There were raucous cheers and boos. There were Secret Service agents and metal detectors, food trailers in long grass and loudspeakers booming songs by Elton John and Dolly Parton. There were flags, hats, and T-shirts proclaiming Donald Trump the true winner of the 2020 election – or the man to beat in 2024.
And flying overhead was a small plane trailing a banner that proclaimed: “Ohio is Trump country.”
This strange carnival, unfolding on Saturday under the slogan Save America!, was the setting for Trump’s first post-presidential campaign rally and a noisy warning to Democrats – and democracy – that his cult of personality never went away. It was merely sleeping and, in hibernation, becoming ever more extreme.
Although Trump has lost his hi-tech mouthpiece on social media, he still has the low-tech medium of standing in a field and ranting dangerous falsehoods to thousands of fans whose adulation and sense of grievance knows no bounds.
“Each Trump rally is different and each one is beautiful,” said Deborah Wagner, 55, a retired court clerk wearing a “Count all the legal votes” T-shirt, who had driven four hours from New York to reach the fairgrounds in Wellington, Ohio. “We just want happiness and love for all people. Trump is not a quitter.”
For all the high spirits, attendees’ T-shirts held an inverted mirror up to reality: “Trump won, deal with it”; “Re-elect Trump. Make liberals cry again”; “Don’t blame me, I voted for Trump”; “Trump 2024. Make votes count again”; “Fuck Biden. Trump 2024”; “Biden is not my president”; “Unmasked, unmuzzled, unvaccinated, unafraid”.
Everyone interviewed by the Guardian took it for granted that last year’s election was stolen from Trump, and some even clung to the belief that he will somehow be reinstated. As for the 6 January insurrection at the US Capitol, the only disagreement was whether it was true patriots fighting for a just cause or an infiltration by Antifa and Black Lives Matter (there is zero evidence of this).
In soft evening sunshine, with freight trains rumbling by, Trump walked out to rapturous chants of “USA! USA!” and tossed caps into the crowd. “After five months,” he declared, wearing his customary dark suit, white shirt and red tie, “the Biden administration is already complete and total catastrophe.”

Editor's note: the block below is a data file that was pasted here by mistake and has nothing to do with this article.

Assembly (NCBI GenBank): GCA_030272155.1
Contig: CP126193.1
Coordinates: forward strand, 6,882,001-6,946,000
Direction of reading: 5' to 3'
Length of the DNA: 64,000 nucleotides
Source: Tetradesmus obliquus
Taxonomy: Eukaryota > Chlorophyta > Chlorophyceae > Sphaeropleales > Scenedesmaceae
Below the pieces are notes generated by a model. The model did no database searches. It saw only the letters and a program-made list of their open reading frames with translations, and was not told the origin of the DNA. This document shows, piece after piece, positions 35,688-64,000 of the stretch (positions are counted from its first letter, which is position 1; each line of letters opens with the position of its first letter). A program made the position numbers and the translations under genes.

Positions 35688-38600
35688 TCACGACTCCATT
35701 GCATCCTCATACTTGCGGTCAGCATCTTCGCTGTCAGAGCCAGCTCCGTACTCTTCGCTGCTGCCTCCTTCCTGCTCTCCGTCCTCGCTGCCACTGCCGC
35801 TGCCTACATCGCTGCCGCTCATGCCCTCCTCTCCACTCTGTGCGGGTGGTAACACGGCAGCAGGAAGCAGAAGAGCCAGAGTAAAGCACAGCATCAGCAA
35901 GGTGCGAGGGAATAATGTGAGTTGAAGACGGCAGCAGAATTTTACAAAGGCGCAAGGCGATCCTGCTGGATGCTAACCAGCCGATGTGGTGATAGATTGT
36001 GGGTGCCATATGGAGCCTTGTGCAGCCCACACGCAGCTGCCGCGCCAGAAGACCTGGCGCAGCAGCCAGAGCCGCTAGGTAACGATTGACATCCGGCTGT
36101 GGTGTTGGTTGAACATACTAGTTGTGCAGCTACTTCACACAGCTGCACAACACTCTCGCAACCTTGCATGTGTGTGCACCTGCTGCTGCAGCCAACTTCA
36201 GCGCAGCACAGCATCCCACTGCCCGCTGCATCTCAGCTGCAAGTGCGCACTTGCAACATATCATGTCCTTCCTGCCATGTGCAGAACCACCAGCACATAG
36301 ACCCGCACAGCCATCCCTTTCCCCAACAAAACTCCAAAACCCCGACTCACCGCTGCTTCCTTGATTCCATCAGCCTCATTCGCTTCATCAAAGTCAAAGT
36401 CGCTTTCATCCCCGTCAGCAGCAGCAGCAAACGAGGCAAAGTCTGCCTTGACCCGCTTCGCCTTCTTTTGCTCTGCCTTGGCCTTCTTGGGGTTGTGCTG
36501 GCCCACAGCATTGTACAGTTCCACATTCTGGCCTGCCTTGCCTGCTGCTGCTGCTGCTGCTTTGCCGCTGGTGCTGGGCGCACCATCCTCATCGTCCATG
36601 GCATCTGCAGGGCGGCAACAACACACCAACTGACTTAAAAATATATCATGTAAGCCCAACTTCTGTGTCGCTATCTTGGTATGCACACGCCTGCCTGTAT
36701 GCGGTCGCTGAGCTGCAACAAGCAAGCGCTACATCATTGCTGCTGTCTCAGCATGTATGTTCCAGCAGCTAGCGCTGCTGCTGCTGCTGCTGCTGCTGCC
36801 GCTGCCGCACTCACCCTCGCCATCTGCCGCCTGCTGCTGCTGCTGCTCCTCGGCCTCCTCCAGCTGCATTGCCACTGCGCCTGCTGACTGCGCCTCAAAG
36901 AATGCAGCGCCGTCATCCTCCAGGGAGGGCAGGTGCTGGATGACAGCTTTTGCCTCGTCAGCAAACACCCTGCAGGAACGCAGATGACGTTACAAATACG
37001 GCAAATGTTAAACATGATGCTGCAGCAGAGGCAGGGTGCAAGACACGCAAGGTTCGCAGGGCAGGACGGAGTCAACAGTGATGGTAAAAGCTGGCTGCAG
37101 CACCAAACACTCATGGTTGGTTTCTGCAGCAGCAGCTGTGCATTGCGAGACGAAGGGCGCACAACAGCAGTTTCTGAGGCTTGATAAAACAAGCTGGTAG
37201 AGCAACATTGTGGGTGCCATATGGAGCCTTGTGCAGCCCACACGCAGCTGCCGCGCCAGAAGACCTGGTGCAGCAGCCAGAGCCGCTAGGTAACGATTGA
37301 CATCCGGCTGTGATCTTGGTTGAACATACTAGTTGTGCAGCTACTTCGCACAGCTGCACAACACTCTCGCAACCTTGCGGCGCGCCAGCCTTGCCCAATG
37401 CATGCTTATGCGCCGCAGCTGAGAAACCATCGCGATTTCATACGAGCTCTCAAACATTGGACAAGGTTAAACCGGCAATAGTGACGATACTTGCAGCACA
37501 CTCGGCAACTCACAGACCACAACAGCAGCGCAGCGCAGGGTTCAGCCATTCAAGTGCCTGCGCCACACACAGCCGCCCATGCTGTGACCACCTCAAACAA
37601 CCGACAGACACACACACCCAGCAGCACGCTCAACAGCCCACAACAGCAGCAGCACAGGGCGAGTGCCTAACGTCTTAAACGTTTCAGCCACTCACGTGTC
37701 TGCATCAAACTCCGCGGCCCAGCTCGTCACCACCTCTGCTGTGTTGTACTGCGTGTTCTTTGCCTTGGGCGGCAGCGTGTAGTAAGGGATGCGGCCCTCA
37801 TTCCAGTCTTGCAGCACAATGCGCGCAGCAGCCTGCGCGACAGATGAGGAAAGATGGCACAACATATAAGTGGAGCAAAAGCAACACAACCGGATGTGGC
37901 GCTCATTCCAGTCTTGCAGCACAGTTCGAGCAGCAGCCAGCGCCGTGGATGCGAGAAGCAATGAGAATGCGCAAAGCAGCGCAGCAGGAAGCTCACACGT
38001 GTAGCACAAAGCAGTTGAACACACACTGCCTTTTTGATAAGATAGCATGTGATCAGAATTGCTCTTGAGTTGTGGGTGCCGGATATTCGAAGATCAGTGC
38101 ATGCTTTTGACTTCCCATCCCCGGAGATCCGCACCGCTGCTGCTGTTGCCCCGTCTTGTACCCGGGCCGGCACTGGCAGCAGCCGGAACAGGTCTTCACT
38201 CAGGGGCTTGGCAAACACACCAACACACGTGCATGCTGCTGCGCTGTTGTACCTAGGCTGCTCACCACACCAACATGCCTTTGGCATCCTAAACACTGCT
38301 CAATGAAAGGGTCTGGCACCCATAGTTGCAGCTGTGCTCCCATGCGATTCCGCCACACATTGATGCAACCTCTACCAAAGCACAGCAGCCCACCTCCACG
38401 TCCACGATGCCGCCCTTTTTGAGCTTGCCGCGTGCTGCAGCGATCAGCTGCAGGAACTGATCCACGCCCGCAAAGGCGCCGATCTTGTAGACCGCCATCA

In a 94-minute speech, the former president complained of surging crime, weakened police, “illegal aliens” overwhelming the southern border, drug cartels back in business, schools turned into “leftwing indoctrination camps” and critical race theory – the mention prompted hearty boos – being “forced on the military”. He added: “Joe Biden is destroying our nation right before our very own eyes.”
Trump, whose business could face criminal charges from the Manhattan district attorney, spoke of the urgency for Republicans of winning back the House of Representatives and Senate in next year’s midterm elections. He endorsed Max Miller, a former White House aide challenging Anthony Gonzalez – a congressman who voted to impeach Trump – in a local Republican primary.
There were moments of time warp and throwback to his first wildly improvised campaign five years ago. When Trump pointed to “the fake news media”, supporters turned to boo and show the middle finger. “Do you miss me? They miss me. They look at their terrible ratings and they say, ‘We miss this guy’.” Later, the crowd chanted: “CNN sucks!” and a mention of Hillary Clinton prompted cries of, “Lock her up!”
Trump has pushed “the Big Lie” in TV interviews and emailed statements but now it was made flesh. “What happened in the election, it’s a disgrace,” he said, embarking on long meandering riffs about it being “rigged”, insisting “We didn’t lose,” and delving into supposed irregularities state by state.
“This was the scam of the century and this was the crime of the century,” he said. “We’re never going to stop fight for the true results of this election … Remember I’m not the one trying to undermine American democracy. I’m trying to save American democracy.” His false claim of voter fraud has been debunked by his own attorney general, state election officials and judges.
But in this corner of Ohio, a bellwether state he won, it was an article of faith. The crowd shouted: “Trump won! Trump won!”